Give thanks for Indian-style fig chutney; spread the love of peanut butter month
My daughter and I want to live down the street from Bal Arneson and her family in Vancouver, B.C. She looks fun, wise and friendly in her book, “Everyday Indian” and I love the little anecdotes she shares about growing up in India.
One story tells how new brides head to the kitchen with elder women to attempt creating perfect roti for their new father-in-law. It looks like our tortillas and would be amazing with her curried scallop salad, zucchini paneer or Indian-Thai fusion prawns.
My brother-in-law is from India and has exposed us to the cuisine. Arneson has some very easy methods for achieving great flavor, even with the simple lentil. We want to live near her to sample some of her cooking. That spicy food must taste even better in the cool Vancouver clime. Here’s an easy one that sounds good on a Thanksgiving table:
Apple and Fig Chutney
Arneson writes that as a girl, she suffered consequences when caught sneaking a bite of apple chutney that was reserved for men in the family.
1 cup chopped apples
1 cup dried figs
1/4 cup slivered almonds
1/4 cup raisins
1 teaspoon chat masala (recipe follows)
1 teaspoon grated ginger
1 cup water
Mix everything in a pot and simmer on low heat for 15 minutes. Let the mixture cool, then place in a food processor and process to a paste. Store in an airtight glass container in the refrigerator for up to a week.
Chat masala (mild)
1 tablespoon mango powder
1 tablespoon cumin
1 tablespoon coriander
1 teaspoon pomegranate powder
1/4 teaspoon dried ginger
1/4 teaspoon salt
1/4 teaspoon pepper
Combine all the ingredients in a bowl and mix well. Store in an airtight container in a cool place for up to three months. For more of an enhanced flavor, add 1 teaspoon fennel seeds and 1/4 teaspoon mint powder.
November is National Peanut Butter Lovers Month
Venders are touting new back-to-basics products such as Natural Jiff Creamy Peanut Butter Spread with 90 percent peanuts. There’s no need to stir, and it should make any pb lover happy. There’s also a new organic version.
Smucker’s Natural selections includes: Creamy, Chunky, Peanut Butter with Honey, No Salt Added, Natural Style Reduced Fat Creamy, Organic Creamy and Organic Chunky. A few ideas from the makers:
• Warm a small amount of natural peanut butter in the microwave in a microwave-safe bowl until soft and then swirl into yogurt.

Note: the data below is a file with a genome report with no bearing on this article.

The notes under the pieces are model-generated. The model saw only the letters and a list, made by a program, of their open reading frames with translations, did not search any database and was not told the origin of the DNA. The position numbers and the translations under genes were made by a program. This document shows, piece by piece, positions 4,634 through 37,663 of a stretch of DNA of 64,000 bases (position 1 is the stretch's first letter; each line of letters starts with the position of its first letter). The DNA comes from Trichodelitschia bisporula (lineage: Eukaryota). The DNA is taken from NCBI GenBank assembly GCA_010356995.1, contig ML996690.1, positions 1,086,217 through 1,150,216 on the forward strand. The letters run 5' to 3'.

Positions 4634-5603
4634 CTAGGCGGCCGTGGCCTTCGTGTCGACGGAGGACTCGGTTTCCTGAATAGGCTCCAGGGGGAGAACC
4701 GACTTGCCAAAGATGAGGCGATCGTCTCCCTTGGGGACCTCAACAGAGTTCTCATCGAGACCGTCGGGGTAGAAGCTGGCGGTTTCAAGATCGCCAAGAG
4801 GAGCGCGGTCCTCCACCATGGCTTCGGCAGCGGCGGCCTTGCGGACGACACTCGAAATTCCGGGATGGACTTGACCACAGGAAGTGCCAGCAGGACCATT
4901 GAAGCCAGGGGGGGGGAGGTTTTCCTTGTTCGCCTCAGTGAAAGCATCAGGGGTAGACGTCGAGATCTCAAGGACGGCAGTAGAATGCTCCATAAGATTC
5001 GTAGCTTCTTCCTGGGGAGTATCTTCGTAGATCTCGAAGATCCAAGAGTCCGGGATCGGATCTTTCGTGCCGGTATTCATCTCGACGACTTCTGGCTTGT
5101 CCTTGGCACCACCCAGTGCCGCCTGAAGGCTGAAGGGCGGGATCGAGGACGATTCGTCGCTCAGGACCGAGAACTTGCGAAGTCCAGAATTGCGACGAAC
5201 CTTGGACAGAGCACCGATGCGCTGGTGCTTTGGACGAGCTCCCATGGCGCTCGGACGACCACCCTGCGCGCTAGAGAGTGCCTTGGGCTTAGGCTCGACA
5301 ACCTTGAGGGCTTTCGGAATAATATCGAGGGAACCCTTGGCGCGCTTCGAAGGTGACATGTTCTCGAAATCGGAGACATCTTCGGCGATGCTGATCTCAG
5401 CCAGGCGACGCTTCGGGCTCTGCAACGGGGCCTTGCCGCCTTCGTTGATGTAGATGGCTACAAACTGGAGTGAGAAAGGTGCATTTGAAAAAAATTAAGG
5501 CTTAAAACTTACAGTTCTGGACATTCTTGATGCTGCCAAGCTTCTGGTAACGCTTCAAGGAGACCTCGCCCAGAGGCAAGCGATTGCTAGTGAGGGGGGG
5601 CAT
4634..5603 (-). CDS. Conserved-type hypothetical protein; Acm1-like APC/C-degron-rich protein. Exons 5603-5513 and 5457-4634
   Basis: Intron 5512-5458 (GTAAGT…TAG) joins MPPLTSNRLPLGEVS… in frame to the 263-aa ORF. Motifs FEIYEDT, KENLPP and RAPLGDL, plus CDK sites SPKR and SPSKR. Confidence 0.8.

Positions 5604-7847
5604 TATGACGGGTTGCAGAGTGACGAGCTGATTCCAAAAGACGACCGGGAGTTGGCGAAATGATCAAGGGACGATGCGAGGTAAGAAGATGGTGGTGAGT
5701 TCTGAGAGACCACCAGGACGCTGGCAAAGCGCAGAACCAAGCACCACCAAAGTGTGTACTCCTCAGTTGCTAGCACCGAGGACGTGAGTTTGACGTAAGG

• Stir natural peanut butter into hot oatmeal and sprinkle with raisins or other dried fruits.
• Drizzle warmed natural peanut butter into hot cocoa.
• Spread natural peanut butter on a rice cake and top with sliced apples or mini-chocolate chips.
Water’s the new wine
That’s what Hawaiian Springs says. A water “sommelier” recognizes the smooth, clear, slightly sweet drink as one of the world’s finest waters. I’ve never been to Hawaii and this could be as close as I , or many others get, so I wouldn’t mind having a case of this water under my stocking (with or without an airplane ticket attached). It comes from the Arctic rains that fall over the Big Island and travels through a volcanic rock filter. The U.S. Geological Survey names the source aquifer on Mauna Loa one of the purest in the world.
The bitter end
I’d have never believed I could get hooked on bitters. It must be the chic spray pumps you can slip into your evening bag. You can spritz Urban Moonshine Organic Bitters into your cocktail, or use as an aperitif or digestive. It’s like making people take a dare to try them, but there have been an array of reactions.
“I feel like an orange peel just kicked me in the face,” was Cody-on-the-desk’s proclaimation after trying the citrus version.
Original is not for the faint of taste buds; there’s a maple I haven’t tried. I consider it a palate cleanser (that’s what they do in Europe), but others felt they needed to cleanse their palate of the spray. Proclaimed bitter benefits: support liver function and detoxification; tone and repair the digestive tract; regulate the secretion of hormones involved in blood sugar balance; and reduce cholesterol by increasing its elimination from the body.
The Urban Moonshine Cocktail
1/2 ounce fresh lime juice
1/2 ounce fresh lemon juice
3 ounce Reeds Ginger Brew
3 ounce organic vodka
5 dashes Urban Moonshine Citrus Bitters
Muddled fresh ginger to taste
The lure of bottle art is tempting to both sexes. I work with a guy itchy to get his hands on one of those vodka skulls. I know a woman who has ridden her motorcycle to Sturgis, but she’s not getting my “Open Road” Lee DeVito-designed bottle of 1800 Tequila. No way. This is art, and it’s one of 12 in the second annual collection of limited-edition Essential Artists bottles from up-and-coming artists. There’s kind of a snow globe effect as you peer into the bottle to view the image of a rider with a guitar slung over her back as she heads down a mountain highway. More than 15,000 submissions were considered for the designs and this fine tequila’s price has been reduced to $24.99 to support “affordable art.”
With this collection, you can have an art show in your living room with refreshments built right in.
Amazing Grass powders are my new go-to breakfast on Tuesdays and Thursdays, when I have drop my daughter off at Lamar. I drop a powder and a banana into the Magic Bullet for a power-packed drink. The company has launched a new Chocolate Peanut Butter Protein Bar that I can choose when I’m feeling “chewzy.” It’s soft and satisfying, with your taste buds processing organic dates, peanut butter peanuts, rice crisps, and agave nectar and Amazing Grass Green SuperFood. That’s a sneaky organic blend of wheat and barley grass, alfalfa, spinach, broccoli, acai, carrot, beet, rose hips and other stuff you’d never guess you were eating.